There’s only one reason to go outside and hike, hunt, or fish: Adventure. Nothing much happens inside. But outside anything can happen, and does.
And it’s not always pretty. I fell through the ice on a Minnesota slough one February day, one very cold February day when I had been hunting pheasants. A long, cold walk back to the truck just got a lot longer. And a lot colder.
I had assumed the ice was solid. That’s the key word. Assumed. Because here was something I didn’t know– shifting springs kept the ice on this particular slough thin all winter long. Ice that should have been two feet thick was instead an inch. And that inch had been covered by a few inches of snow, a nice little staged pratfall for any of God’s creatures unlucky enough to venture into it. In this case it was me. I went straight down, instinctively throwing my arms up to protect my gun, hitting gravel in five feet of water. It was ten degrees and I was a mile from my vehicle and now I had a nice little adventure going, thank you very much.
Back on shore my dog, a little skinny hunting springer, gave me a very curious stare. This is unusual, her eyes said. She started toward me and I yelled, or rather growled, “Get Back.” She got back.
I threw a leg over a cattail hummock, and found it was not connected in any way to the bottom. As I climbed aboard it went over like an inner tube, and what wasn’t wet before was thoroughly wet.
Breaking ice I crawled to the shore. Already my clothes were freezing. The dog followed and we scrambled up the hill and out of “Dead Man’s Slough” (yeah, I gave it a name) and started walking along the tree line, back to the truck.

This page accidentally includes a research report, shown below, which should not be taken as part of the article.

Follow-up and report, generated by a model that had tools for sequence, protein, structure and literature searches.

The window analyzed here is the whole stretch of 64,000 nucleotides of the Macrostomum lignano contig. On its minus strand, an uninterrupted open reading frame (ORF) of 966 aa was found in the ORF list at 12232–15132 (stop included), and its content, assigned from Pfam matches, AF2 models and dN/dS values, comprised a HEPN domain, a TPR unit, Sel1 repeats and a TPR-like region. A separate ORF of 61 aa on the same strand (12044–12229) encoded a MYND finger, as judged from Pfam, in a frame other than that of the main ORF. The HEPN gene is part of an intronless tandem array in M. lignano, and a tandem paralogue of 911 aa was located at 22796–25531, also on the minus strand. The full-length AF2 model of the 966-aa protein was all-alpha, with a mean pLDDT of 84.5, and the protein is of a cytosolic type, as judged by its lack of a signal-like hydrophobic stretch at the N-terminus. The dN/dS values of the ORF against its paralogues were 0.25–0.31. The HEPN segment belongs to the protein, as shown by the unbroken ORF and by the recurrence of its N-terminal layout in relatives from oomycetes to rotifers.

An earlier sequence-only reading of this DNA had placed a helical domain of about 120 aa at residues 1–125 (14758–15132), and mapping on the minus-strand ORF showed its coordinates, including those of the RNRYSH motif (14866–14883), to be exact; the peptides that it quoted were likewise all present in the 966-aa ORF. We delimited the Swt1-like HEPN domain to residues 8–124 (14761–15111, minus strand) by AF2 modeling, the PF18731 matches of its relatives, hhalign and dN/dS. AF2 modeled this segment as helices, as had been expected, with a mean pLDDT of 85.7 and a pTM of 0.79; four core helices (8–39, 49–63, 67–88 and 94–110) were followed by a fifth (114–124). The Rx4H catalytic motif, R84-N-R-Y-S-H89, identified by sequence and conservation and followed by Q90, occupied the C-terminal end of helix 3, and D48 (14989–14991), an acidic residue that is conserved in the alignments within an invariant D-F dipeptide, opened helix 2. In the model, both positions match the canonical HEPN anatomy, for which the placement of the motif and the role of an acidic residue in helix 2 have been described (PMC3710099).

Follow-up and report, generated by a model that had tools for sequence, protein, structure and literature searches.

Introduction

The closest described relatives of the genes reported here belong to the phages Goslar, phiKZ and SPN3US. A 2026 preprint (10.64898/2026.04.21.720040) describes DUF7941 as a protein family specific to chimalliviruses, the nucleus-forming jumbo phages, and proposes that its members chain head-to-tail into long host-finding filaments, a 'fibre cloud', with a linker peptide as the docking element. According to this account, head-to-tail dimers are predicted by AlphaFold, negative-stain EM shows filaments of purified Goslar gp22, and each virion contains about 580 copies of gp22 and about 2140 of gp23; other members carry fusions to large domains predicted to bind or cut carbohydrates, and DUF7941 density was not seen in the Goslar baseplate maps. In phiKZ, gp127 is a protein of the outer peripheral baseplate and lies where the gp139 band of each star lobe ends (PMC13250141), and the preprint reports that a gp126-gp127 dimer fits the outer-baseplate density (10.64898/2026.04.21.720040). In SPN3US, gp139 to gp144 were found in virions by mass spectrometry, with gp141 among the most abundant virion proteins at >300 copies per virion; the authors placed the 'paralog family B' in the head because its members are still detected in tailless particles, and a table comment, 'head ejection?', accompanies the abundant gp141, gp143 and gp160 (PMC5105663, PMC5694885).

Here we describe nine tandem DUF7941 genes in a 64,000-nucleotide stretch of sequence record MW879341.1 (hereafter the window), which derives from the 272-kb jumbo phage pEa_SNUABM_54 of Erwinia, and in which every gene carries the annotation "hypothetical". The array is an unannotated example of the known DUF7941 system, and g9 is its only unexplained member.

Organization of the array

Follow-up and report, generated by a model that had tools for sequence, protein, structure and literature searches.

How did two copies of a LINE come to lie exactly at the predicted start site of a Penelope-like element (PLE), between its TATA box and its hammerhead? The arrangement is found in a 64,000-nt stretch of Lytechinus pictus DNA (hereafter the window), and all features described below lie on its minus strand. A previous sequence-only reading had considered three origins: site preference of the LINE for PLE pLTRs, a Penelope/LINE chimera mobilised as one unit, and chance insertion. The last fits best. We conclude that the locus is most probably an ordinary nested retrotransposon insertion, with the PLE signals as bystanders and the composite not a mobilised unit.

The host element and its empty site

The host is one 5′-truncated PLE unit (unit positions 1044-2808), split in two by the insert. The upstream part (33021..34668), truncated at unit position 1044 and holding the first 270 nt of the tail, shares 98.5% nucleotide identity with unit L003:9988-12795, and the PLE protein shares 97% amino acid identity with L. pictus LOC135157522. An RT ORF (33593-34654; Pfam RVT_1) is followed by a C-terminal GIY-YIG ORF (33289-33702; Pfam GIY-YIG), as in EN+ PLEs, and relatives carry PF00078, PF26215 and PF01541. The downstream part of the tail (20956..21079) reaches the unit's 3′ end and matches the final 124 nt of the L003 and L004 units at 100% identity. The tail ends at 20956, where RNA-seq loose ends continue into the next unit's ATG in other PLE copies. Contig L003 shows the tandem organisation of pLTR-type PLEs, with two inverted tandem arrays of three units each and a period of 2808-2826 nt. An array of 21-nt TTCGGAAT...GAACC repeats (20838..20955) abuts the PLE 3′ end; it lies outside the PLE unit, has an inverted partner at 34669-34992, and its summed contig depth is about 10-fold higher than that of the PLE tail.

I had advantages. I wore heavy wool overalls. I was young and dumb.
You guessed it. The first bird got up at the end of the tree line. It sailed into a patch of unpicked corn. The dog started following and I yelled at her and slogged ahead, my boots like ice blocks. She jumped a hen, then another rooster. Then four roosters burst from a ditch and flew into the stunted cornfield.
Enough was enough.
I loaded the gun. But when the next pheasant flushed I couldn’t shoulder it any more than The Tin Man could swing his ax. My coat had frozen.
Two more roosters flushed. I fired “from the hip”, one-handed. Now what do you think had to go and happen? I hit the dang thing.
The dog fetched it back, a splendid cock pheasant. I carried it in one of my bare hands, hands, for warmth. Then the dog got “birdy” again at a grove of stunted willows and sure enough another big rooster jumped right from under her nose. I fired, just pointing the end of the gun in the general direction. With a little bit of adjustment for speed and wind, of course. Down came the second bird.
Half-frozen, guessing and firing, I had achieved a significantly better shooting average than normal, which I will not share with you. But normal is not 100%.
Was I onto something? Just trick-shoot ’em from the hip? I didn’t have time to answer. The dog and I were running for the vehicle by now. I was freezing to death.
I carried a bird in each hand, the gun slung over my shoulder. At the truck my hands were just warm enough to work the keys, but I got got the engine going, got the dog inside, warmed up and drove home and didn’t tell anyone until today because it’s harder to blame something on youth and inexperience when you’re young and inexperienced.
I don’t expect my adventures are finished, either. Adventure tend to find you, whether you’re looking for it or not.